Following on from what we’ve just covered, lenders will assess your income and calculate how much you can borrow differently depending on what type of professional you are. For instance…

  • Sole traders: If you’re a sole trader the lender would use your net profit (often average over the last three years, although some will use most recent, which can be higher and thus result in a larger remortgage loan)

  • Ltd company directors: Most lenders consider salary plus dividends, but some will look at the share of retained net profit if this is higher and offer a larger loan amount

  • Contractors: Most lenders will look at either the total contract value, or your daily rate. If it’s the latter, lenders tend to multiply this by a five-day week, and the number of working weeks in a year (typically 46-48 weeks) to calculate your annual income.

For a ballpark figure reflecting what you might be able to borrow on a remortgage, multiply your income by 4.5, as this is the cap providers typically impose, although some will go as high as 5-6 times your earnings under the right circumstances.

The table below will give you an idea of what kind of remortgage loan might be offered…

Example: Daily rate = £200 x 5 days x 46 weeks = £46,000 per year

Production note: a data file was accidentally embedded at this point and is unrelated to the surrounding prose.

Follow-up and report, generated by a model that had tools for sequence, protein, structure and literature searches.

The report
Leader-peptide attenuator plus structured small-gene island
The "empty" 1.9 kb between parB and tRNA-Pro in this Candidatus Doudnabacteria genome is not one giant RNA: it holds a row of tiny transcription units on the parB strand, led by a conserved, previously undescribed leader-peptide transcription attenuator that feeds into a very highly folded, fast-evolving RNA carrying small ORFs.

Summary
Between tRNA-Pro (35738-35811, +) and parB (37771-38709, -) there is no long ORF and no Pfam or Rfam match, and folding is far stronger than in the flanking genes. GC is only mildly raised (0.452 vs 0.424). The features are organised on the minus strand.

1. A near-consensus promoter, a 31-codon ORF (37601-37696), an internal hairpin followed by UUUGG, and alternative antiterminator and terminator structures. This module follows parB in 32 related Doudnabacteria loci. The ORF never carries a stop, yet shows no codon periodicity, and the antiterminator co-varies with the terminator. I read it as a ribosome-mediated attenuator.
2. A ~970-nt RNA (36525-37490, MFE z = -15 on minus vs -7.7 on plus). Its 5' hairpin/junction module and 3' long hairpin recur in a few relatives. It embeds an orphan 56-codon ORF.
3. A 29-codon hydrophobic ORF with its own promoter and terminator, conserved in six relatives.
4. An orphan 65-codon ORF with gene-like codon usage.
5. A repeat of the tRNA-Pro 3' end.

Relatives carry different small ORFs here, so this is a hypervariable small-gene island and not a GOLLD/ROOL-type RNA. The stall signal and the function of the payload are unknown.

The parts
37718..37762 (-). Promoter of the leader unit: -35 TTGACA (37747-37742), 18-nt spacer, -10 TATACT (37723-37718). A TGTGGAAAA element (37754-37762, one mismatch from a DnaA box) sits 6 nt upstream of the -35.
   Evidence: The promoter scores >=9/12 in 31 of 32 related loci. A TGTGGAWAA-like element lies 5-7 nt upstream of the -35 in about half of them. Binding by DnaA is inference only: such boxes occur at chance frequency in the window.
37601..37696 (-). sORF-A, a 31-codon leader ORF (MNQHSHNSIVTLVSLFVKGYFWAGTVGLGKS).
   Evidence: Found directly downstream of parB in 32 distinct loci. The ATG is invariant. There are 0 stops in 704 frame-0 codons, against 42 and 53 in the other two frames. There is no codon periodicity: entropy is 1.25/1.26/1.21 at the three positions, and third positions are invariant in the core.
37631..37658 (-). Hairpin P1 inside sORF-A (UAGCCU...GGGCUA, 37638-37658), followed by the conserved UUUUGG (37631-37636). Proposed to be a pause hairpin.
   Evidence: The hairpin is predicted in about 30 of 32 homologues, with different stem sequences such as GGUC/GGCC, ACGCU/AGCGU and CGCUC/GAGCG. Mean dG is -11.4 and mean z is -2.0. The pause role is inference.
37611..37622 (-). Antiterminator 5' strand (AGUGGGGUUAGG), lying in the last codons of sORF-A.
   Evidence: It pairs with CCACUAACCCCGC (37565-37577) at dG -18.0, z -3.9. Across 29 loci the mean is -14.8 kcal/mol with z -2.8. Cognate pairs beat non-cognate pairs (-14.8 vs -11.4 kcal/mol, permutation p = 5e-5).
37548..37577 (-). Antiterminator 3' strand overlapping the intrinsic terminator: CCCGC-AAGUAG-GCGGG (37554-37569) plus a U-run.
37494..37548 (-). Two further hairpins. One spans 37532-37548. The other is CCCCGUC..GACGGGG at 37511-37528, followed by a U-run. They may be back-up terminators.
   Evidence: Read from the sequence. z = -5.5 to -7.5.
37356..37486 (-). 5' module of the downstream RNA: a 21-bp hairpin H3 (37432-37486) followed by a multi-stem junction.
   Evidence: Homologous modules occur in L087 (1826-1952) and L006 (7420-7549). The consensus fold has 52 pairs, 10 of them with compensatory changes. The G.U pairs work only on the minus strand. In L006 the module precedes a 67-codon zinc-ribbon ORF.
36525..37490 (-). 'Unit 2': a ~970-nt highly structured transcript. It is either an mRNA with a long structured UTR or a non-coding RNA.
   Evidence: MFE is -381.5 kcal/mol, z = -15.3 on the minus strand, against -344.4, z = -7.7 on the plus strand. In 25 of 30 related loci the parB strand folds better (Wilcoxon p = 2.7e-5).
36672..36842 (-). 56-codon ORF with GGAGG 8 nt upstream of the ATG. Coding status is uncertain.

Income multiple cap Maximum loan
4.5x income £207,000
5x income £230,000
6x income £276,000

Of course, this figure will vary depending on other factors, like how much equity you hold but the important thing to remember is that it’s vital to find a lender who specialises in customers with your income type. 

Get in touch and the whole-of-market remortgage brokers we work with will help you track down the best deals.

Can I remortgage to buy to let if I’m self employed?

This is certainly possible, though minimum income requirements can be higher for remortgage borrowers who are hoping to switch from residential to buy to let. 

At some lenders it’s £25,000 or higher, but others will accept self-employed professionals on £20k and a number will even cater for those on £15,000 or lower, providing their buy to let investment is viable, i.e. will generate a certain amount of rental income.

If you’re self employed and aiming to remortgage from residential to buy to let, most lenders will be more interested in whether the rent will cover the new mortgage, and less concerned about how much income you’re able to evidence.

Can I remortgage if I’m on a zero-hour contract

Yes, but no every lender will be okay with this. Some lenders do not cater for remortgage borrowers on zero-hour contracts at all, but others would be happy to do so, with caveats. It may boost your application if the following applies to you…

  • You have at least 12 months experience working on a zero-hour contract
  • You have a minimum of 12 months’ worth of payslips and a corresponding P60